Primary pupils are starting to receive free school meals as part of a pilot project in five parts of Scotland.
A huge increase has been forecast in school meal uptake
The scheme for all children in the first three years of school is under way in Glasgow and West Dunbartonshire.
They will be followed in the coming days and weeks by schools in East Ayrshire, Fife and the Borders.
The Scottish Government has invested £5m in the pilot scheme, with about 8,500 additional pupils expected to take up the offer in Glasgow alone.
The city already has free fruit, milk and mains-fed water coolers in its schools.
The six-month pilot has been set up to see if providing a nutritious lunch for all children could help improve their diets.
Bailie Gordon Matheson, executive member for education and social renewal, was delighted that Glasgow was one of the five local authorities to be part of the trial.
He said: "This pilot is yet another way for our pupils to get involved in Glasgow's healthy eating effort and for free.
"There is currently around a 65% uptake of primary school meals and it is envisaged that during the trial this will rise to around 85%.
"My hope is that both parents and pupils will benefit from this initiative and will use this opportunity for a healthy, nutritious and hot meal each lunchtime."
Children in the first three years of primary school will be encouraged to choose a three course meal including soup and bread, a main meal choice, fruit, yoghurt and drinks including milk, water and fruit juice.
Adam Ingram said he hopes the scheme can be rolled out nationally
Linda Shaw, catering manager for West Dunbartonshire, said: "We don't put salt in, we add herbs and spices to compensate for that so the pupils don't notice that they're getting a healthier meal.
"Their eating habits will change dramatically."
Adam Ingram, the children's minister, said: "This is about more than school meals.
"These children will get the chance to sit down and eat with friends every day to develop a taste for healthier foods together. We hope these good lifestyle habits will stay with them as they grow up."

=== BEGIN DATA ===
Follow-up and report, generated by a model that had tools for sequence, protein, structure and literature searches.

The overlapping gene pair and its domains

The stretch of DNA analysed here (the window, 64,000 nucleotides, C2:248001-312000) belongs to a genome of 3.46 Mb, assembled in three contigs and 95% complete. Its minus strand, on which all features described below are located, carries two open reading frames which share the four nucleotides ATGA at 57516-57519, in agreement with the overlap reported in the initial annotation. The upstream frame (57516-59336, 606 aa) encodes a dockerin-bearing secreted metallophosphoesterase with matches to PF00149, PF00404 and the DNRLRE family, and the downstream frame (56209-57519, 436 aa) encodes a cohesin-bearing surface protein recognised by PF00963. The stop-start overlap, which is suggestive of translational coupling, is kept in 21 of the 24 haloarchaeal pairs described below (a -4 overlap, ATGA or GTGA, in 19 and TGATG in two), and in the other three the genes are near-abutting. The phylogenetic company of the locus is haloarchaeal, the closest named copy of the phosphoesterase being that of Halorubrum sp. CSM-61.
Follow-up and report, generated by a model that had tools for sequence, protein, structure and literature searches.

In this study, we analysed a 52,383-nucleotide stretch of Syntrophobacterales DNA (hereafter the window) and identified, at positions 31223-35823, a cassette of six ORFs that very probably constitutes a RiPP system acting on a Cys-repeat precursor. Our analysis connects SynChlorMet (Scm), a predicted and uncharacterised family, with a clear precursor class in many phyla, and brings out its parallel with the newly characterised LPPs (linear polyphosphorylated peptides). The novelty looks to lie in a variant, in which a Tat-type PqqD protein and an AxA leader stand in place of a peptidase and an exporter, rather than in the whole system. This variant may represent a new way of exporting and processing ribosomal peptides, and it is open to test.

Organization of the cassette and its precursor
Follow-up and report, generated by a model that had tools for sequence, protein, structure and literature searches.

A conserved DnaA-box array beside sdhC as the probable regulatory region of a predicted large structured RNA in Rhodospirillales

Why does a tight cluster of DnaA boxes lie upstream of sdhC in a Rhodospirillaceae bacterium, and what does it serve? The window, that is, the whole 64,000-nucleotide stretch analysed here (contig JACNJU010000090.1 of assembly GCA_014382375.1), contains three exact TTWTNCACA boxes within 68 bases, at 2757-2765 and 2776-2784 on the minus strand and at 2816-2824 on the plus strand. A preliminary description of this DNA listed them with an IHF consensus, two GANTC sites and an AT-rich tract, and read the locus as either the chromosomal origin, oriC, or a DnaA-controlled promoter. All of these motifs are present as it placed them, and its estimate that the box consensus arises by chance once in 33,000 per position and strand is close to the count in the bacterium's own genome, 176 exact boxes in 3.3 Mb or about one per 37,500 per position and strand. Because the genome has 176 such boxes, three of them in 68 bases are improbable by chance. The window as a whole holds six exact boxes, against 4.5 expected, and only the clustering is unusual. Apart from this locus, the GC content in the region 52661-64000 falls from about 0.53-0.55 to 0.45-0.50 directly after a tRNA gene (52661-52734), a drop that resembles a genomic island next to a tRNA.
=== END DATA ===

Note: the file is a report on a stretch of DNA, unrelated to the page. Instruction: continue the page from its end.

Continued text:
Mr Ingram has already told MSPs that the Scottish Government hopes to roll the scheme out to all pupils in the first three years of primary school if the pilot project is a success.
Such a move would cost between £30m and £46m a year.
Professor Derek Colquhoun, from Hull University's Centre for Education, carried out research into a similar free school meals scheme in Hull.
He said: "Even if, like Hull, schools do offer free food, you don't get more than 65-70% of children taking up these free meals, simply because some children don't like the meals and some parents like to give their kids packed lunches.
"So we think 65-70% is really what the scheme should be aiming for."
Glasgow MSP Bob Doris has campaigned for free school meals.
He said: "Today is a defining moment.
"It is a step change for both the health of Glasgow and the social cohesion of our city's communities."
The Child Poverty Action Group hailed the move as a "massive step forward".
John Dickie, head of the campaign group in Scotland, said: "Universal free school meals could make a huge impact in tackling family poverty and improving children's health and ability to learn.
"The sooner the Scottish Government rolls out free school meals to all children the better so it is vital that the pilot programme succeeds.
"Providing high-quality nutritious meals in attractive surroundings and ensuring that pupils, teachers and parents are involved in the pilots at every stage will be crucial to that success."